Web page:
So far, I’ve concentrated on waves alone but waves as they break against the shore also make exciting subjects, stirring our imagination with awe and even fear. As these photographs tend to reference scale and location, they are often more documentary in style; however, that’s not always the case. I happened to publish my photograph, “Face-of” during the voting for the U.S. presidential election. This was entirely coincidental (I’m British), but several people commented that the picture represented the clash of candidates and ideologies! People will always find metaphors in the sea.
I’ve outlined just a few of the possible ways to photograph waves. As with any subject, the best approach is to be open-minded and willing to experiment. Try everything and see what happens, then make changes based on your experience. Be prepared to make a lot of bad photos (remember, this is more like sports than landscape photography). Above all, make sure you take time to just watch and listen to the waves. The sea’s music is beautiful and inspiring and I firmly believe you will make better art if you let it into your soul.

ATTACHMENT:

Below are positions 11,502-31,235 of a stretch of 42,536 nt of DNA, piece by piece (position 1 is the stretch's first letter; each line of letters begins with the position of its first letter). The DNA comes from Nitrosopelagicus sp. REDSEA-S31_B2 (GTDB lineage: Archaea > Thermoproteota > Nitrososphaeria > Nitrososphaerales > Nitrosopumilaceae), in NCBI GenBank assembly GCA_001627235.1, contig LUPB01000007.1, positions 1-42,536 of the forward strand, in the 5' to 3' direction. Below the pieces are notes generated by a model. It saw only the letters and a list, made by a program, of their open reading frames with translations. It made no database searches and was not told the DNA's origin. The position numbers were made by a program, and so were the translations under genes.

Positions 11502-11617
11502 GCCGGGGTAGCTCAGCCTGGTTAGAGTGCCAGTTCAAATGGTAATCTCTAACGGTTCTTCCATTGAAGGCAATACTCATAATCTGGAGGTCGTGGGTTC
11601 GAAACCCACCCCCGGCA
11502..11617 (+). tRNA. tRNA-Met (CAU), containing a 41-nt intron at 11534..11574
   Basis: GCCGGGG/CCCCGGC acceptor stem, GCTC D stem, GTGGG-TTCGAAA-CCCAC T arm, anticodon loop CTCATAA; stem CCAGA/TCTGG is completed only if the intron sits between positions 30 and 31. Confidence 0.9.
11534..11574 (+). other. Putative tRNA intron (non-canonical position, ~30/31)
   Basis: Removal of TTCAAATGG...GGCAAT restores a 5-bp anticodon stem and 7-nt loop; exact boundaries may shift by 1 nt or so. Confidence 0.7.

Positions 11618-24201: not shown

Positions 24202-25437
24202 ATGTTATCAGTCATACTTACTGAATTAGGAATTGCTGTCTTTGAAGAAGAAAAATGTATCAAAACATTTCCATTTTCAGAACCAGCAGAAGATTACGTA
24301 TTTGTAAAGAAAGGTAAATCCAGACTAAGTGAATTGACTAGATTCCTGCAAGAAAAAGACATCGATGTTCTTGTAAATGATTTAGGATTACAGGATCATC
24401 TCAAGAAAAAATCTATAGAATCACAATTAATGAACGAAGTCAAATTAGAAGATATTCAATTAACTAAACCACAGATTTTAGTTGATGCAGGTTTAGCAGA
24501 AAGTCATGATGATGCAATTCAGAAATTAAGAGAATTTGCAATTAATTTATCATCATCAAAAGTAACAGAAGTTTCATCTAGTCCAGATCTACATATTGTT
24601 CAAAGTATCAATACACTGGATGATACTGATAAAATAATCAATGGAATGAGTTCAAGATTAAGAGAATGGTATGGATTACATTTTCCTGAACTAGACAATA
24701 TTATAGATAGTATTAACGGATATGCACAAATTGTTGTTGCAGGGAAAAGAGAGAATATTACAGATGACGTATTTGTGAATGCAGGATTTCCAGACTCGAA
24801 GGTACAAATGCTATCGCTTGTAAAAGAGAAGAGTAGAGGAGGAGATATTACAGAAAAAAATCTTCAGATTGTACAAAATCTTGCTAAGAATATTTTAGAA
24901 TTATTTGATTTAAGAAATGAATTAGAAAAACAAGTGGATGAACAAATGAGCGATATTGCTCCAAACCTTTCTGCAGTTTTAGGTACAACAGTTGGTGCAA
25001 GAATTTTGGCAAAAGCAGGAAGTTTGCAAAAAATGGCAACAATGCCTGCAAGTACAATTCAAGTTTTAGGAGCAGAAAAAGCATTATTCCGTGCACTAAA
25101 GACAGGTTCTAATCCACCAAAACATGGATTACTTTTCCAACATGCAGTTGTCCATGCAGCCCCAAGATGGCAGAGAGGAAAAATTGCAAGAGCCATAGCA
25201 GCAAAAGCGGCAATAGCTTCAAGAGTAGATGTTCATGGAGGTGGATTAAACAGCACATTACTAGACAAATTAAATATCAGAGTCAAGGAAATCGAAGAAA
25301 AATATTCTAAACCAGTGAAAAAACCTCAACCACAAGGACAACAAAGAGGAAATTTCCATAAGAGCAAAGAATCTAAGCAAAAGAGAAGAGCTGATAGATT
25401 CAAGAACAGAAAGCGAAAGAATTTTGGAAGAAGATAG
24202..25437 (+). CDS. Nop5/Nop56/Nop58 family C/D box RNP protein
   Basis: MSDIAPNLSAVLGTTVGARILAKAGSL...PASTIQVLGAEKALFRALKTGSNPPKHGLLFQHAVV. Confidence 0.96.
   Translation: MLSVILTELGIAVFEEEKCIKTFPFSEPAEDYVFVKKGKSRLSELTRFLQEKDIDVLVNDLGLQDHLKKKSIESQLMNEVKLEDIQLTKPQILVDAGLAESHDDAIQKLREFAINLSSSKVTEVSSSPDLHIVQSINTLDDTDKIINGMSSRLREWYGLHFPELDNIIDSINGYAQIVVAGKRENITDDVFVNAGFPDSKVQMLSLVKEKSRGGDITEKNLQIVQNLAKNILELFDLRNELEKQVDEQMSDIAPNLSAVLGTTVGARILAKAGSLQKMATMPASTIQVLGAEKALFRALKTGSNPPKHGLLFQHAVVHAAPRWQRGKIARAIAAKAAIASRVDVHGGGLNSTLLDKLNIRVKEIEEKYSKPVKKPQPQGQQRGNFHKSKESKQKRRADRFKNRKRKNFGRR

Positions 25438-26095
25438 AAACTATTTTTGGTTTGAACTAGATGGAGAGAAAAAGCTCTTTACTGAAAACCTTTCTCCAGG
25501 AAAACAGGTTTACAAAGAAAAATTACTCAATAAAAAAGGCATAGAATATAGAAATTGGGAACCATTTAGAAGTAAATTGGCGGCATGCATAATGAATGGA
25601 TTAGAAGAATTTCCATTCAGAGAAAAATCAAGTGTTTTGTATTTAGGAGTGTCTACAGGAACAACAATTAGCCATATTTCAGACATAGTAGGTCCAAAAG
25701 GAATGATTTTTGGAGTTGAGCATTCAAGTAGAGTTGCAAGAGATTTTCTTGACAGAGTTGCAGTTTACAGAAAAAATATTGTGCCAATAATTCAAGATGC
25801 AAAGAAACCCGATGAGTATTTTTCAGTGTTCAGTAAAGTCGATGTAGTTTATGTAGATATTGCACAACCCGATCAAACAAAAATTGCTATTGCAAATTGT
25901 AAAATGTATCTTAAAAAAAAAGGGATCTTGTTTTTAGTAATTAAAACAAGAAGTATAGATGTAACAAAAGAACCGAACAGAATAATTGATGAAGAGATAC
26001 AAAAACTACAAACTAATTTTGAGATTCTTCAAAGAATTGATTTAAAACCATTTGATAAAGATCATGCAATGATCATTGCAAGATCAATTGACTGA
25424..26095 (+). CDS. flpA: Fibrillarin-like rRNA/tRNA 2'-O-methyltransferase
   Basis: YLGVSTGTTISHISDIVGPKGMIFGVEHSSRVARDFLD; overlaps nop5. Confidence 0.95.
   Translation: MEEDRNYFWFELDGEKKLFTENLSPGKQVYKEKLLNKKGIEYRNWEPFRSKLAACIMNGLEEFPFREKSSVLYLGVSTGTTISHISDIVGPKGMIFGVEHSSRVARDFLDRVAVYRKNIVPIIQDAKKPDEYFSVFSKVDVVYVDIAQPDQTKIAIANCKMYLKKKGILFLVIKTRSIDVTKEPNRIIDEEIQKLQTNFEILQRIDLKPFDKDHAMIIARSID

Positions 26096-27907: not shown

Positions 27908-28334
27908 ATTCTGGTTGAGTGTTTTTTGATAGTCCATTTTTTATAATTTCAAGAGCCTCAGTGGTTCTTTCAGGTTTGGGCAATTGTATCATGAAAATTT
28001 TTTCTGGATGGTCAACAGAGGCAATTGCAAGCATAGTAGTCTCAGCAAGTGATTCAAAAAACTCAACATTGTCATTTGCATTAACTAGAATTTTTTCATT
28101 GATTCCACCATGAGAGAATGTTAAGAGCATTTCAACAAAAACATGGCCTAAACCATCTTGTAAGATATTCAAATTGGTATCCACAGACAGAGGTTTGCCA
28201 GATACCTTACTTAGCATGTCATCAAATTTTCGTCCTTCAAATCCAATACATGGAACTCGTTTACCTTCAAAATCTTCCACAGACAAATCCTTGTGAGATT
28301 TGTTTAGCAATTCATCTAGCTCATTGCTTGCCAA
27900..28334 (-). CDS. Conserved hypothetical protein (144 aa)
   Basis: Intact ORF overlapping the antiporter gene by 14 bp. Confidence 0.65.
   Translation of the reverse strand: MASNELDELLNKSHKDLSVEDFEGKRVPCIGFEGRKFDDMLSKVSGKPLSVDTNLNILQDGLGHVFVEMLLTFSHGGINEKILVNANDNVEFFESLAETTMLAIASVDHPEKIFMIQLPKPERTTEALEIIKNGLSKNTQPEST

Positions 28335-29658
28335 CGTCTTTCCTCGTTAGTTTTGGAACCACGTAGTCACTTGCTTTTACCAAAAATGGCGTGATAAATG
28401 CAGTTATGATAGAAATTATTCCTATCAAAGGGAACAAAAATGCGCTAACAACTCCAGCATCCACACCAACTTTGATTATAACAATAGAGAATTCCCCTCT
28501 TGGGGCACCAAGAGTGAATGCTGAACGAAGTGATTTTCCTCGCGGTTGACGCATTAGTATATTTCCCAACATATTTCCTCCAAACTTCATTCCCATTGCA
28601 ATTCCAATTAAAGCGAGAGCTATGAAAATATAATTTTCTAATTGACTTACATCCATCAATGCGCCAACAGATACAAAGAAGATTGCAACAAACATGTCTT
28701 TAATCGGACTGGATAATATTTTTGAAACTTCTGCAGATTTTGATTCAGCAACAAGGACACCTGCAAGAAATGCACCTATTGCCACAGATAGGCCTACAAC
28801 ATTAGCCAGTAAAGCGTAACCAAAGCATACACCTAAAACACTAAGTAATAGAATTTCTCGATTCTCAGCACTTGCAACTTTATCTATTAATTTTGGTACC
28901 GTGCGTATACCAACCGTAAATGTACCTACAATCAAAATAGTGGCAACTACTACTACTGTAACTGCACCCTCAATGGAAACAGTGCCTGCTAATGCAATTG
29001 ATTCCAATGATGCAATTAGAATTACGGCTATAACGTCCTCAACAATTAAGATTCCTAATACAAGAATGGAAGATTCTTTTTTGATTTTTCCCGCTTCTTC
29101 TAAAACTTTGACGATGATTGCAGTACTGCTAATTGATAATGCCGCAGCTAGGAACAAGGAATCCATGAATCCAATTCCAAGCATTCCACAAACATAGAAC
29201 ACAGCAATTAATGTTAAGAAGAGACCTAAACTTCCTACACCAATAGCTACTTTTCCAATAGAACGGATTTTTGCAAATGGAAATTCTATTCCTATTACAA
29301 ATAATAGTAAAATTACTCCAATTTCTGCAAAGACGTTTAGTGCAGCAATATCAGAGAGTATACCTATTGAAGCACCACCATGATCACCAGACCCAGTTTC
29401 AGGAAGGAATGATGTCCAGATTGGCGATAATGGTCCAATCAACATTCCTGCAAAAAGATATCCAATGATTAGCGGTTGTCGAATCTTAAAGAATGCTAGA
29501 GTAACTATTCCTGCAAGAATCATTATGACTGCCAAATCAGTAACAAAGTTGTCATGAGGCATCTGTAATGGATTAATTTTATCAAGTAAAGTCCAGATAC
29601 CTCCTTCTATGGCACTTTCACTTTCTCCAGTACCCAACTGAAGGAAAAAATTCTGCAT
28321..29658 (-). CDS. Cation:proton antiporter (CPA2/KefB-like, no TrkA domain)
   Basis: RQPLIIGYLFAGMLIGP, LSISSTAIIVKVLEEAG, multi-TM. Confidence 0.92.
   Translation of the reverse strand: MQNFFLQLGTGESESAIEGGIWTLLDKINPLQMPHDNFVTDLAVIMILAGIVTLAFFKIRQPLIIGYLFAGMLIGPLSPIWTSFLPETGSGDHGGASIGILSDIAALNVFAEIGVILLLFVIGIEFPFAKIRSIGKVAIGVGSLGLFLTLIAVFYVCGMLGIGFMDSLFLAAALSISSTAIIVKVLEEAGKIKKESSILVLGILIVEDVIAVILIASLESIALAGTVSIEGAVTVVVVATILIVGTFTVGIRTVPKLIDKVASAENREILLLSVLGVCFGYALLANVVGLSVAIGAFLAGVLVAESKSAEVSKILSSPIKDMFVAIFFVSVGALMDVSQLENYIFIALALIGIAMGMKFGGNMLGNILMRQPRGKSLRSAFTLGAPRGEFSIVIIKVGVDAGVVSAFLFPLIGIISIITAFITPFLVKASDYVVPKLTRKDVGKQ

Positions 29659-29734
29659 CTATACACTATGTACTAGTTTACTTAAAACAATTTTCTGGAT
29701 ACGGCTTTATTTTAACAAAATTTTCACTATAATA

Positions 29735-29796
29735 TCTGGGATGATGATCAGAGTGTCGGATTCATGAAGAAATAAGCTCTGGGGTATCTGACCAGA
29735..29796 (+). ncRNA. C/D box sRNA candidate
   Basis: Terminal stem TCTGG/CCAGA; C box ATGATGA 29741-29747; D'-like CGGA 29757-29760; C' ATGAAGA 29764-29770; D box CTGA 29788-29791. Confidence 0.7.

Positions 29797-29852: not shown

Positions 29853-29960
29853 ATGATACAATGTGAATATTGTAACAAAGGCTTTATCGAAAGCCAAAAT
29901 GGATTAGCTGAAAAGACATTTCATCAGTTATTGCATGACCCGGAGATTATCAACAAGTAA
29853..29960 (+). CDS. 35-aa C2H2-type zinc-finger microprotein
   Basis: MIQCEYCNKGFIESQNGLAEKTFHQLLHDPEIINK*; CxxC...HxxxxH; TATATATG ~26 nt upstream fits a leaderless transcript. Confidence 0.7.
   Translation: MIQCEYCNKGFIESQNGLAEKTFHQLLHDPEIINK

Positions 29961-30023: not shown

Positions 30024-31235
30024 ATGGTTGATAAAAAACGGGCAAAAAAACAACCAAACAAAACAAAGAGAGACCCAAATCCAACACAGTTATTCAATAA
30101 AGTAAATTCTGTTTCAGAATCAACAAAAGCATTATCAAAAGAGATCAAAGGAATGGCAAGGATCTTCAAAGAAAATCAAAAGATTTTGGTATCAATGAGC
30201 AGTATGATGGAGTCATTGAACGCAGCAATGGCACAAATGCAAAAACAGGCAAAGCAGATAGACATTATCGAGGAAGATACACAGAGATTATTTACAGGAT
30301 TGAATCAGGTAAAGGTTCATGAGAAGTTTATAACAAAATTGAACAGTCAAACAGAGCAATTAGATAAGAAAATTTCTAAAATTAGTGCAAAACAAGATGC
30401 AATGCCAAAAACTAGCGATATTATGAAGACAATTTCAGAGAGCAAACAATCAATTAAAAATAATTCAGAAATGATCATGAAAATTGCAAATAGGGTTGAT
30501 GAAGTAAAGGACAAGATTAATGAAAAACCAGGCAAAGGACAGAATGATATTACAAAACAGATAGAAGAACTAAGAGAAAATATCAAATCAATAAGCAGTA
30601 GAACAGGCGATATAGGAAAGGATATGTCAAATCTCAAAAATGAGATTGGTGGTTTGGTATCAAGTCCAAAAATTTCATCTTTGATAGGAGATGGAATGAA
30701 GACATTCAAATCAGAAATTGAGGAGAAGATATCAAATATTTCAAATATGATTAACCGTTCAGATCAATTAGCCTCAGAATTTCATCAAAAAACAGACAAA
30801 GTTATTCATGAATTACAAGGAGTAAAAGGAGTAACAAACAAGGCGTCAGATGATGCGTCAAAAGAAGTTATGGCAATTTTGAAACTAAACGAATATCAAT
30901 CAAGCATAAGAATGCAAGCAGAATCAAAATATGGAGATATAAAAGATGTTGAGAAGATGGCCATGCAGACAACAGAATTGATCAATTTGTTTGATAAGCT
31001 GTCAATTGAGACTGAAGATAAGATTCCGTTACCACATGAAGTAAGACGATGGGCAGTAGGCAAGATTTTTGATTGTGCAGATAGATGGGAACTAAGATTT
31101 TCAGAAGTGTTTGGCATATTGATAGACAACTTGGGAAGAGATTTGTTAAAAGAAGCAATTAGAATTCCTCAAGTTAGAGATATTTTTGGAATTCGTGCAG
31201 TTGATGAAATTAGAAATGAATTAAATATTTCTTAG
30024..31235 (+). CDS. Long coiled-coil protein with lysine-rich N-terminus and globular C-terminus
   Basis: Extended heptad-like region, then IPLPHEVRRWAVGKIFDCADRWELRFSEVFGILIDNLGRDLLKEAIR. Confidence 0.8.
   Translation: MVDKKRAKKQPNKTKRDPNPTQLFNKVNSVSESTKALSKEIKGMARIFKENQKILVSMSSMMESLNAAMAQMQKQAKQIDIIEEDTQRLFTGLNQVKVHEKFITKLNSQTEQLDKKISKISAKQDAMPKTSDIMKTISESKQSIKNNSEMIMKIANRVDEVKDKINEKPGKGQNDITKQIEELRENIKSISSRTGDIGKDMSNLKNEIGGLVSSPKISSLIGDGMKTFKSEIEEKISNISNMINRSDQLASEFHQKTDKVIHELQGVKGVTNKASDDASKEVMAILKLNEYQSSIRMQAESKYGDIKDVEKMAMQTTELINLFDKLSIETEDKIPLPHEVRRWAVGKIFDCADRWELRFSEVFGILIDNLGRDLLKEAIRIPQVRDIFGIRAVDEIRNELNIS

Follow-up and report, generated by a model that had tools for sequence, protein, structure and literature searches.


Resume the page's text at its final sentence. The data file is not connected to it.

I don’t want to spoil the flow of the article with a homily on safety but I feel it would be irresponsible not to mention it at all. Waves can be dangerous. It’s important that you know the relevant tides, wind direction and speed. Working on a falling tide is safest. If it’s not safe to get as close to the waves as you would like, come back another day with a longer lens. Trust your instincts – if you feel at risk, you probably are. Lens hoods are good for keeping spray off the lens and I recommend that you always wipe everything down with fresh water after you leave the beach.
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About the author: Rachael Talibart is a professional seascape and coastal photographer. Her critically acclaimed photographs of the ocean and coast have been featured in the press all over the world. Rachael is represented by galleries in Europe and the USA, her work is frequently exhibited and her limited-edition prints are collected internationally. She is the author of three monographs, including ‘Sirens’ and, most recently, Tides and Tempests. Rachael owns f11 Workshops, providing location and online photography training and she leads international photography tours for Ocean Capture. You will find Rachael Talibart’s series “Oceans and Odysseys” in the ELEMENTS Magazine.